Logos Academy, a private, not-for-profit school in York City educating children since 1998, has always considered itself a neighbor and partner with the York City School District.

As neighbor and partner, we educate city students at no cost to the school district, underwritten by the generosity of private donors. We've never viewed Logos as a competitor of the city school district. It's unfortunate that we now find ourselves ensnared in a disagreement over real estate taxes.

Like the district, Logos Academy knows the struggle of funding the important cause of educating city children. In our formative years, one of the considerations that moved us in the direction of a private, not-for-profit rather than a charter school was the desire to avoid pulling funds from the local school system. However, nationally, other private schools, because of financial constraints, have chosen to convert to charter status.

A charter school of our size would pull in excess of $2 million annually from the school district coffers. We steadfastly maintain our conviction not to undermine the public education experience of York City's children, yet find ourselves unjustly saddled with a huge York City School District tax bill of $116,000.

Though Logos Academy is a 501(c)(3) tax-exempt charitable organization, we have gladly and willingly paid approximately $100,000 in real estate taxes since 2007 on our property at 250 W. King St. Though we could have filed tax-exempt documentation on our property in 2009, we did not file that paperwork until November 2012. Our tax-exempt status was granted in 2013 but implementation was delayed until January 2014.

Why would a 501(c)(3) charitable organization delay filing tax-exempt documentation on our property? Because Logos Academy wanted to be a blessing financially to our local community. It was a joy to know that we were financially contributing to provide much needed services to our community.

Suffice it to say that we were surprised when the York County Tax Assessment Bureau performed a spot reassessment of our property in 2013. This was a surprise because we had filed the necessary local and state permits in 2009 and no reassessment was performed when the property was completed in 2010.

What was initially a surprising action quickly escalated into a shocking reality when we received our 2013 tax bill for our property. Between county, municipal and school district taxes we were billed in excess of $150,000 for 2013 alone though we were a 501(c)(3) tax-exempt charitable organization.

This seemed to us a simple matter to rectify. Therefore, we first went to the county commissioners, who promptly exonerated us of our tax obligation. We went to the York City government, and city council gladly worked out a payment in lieu of taxes (PILOT). This we were glad to do since the city government provides police, fire and other services for which the school directly benefits.

Lastly, we asked the York City school board to exonerate us of our $116,000 tax liability to the district. On Oct. 27, 2013, we received a letter from the district's assistant business manager stating that the school board had passed the following resolution: "BE IT RESOLVED that the request for exoneration of real estate taxes for Logos Academy for 2013 be approved as presented and attached." To us the matter seemed closed and justice rendered.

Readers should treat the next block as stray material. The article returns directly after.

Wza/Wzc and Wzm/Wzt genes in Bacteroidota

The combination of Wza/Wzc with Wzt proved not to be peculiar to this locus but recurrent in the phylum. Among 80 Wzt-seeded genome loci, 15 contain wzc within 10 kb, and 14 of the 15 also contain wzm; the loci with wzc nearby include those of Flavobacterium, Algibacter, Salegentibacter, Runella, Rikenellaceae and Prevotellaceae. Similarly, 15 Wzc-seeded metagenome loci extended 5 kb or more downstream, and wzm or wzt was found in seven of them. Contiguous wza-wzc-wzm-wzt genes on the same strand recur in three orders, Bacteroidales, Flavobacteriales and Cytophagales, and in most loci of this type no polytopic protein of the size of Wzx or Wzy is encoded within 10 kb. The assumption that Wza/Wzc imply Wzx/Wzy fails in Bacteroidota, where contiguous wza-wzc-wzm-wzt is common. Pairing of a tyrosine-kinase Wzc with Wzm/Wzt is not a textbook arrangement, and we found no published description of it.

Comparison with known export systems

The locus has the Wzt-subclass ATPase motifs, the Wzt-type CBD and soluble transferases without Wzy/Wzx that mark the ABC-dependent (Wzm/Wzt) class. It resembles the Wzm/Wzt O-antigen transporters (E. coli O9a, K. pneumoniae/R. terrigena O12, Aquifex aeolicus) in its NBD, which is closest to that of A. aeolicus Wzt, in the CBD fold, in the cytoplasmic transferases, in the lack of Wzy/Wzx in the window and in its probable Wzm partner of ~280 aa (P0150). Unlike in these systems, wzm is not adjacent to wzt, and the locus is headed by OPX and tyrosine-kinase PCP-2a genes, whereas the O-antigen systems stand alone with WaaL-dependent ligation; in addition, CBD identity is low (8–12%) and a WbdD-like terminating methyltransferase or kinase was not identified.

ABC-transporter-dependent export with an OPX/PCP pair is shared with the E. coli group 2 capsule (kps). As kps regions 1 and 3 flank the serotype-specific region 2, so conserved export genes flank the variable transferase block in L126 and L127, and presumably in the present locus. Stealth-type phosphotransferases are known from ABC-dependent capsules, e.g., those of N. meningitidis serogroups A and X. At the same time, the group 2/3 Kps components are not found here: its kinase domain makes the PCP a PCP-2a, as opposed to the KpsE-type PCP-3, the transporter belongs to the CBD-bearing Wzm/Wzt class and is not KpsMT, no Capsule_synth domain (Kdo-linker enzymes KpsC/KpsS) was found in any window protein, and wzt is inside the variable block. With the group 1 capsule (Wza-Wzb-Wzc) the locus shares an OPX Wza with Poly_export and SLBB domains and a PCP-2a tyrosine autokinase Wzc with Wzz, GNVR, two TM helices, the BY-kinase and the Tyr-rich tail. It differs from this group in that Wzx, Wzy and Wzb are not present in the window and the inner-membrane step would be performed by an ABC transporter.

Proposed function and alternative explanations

One can only imagine the shock we felt when we received a letter on Nov. 7, 2013, stating that the previous letter was in error and that the board had denied the request for exoneration.

We made attempts to meet with school district officials but were told the district solicitor had instructed them not to meet with us.

And so, on April 7, 2014, we wrote a check to the district for $116,938.07 in protest to avoid paying additional penalties, though we believe Logos Academy had no obligation to pay the tax bill. In fact, Logos families now find themselves in the unenviable position of not only having to pay city school taxes for services they don't use, but also now helping to fund a second burdensome tax with their tuition dollars.

We are deeply saddened to see the injustice of tuition and donor dollars allocated to pay an unjust tax bill.

The York County Commissioners and York City government have done what was necessary to restore justice in this matter. We hoped the York City school board would have rectified the matter, as well, instead of perpetuating an injustice against Logos Academy.

We have therefore filed an administrative litigation requesting the Court of Common Pleas of York County to render justice in our favor. Every avenue was pursued to avoid such an action.

Face-to-face meetings were requested and denied. The Logos Board of Directors was willing, and remains willing, to enter into a similar PILOT agreement with the district as we did with city council, but this too was denied.

Logos Academy believes it has always acted in good faith toward the York City School District. We are asking that the district act in good faith and put this unfortunate matter behind us so that we can all get back to the business of educating students for the good of our community.

— Traci Foster and the Rev. Aaron Anderson, on behalf of the Logos Academy Board of Directors.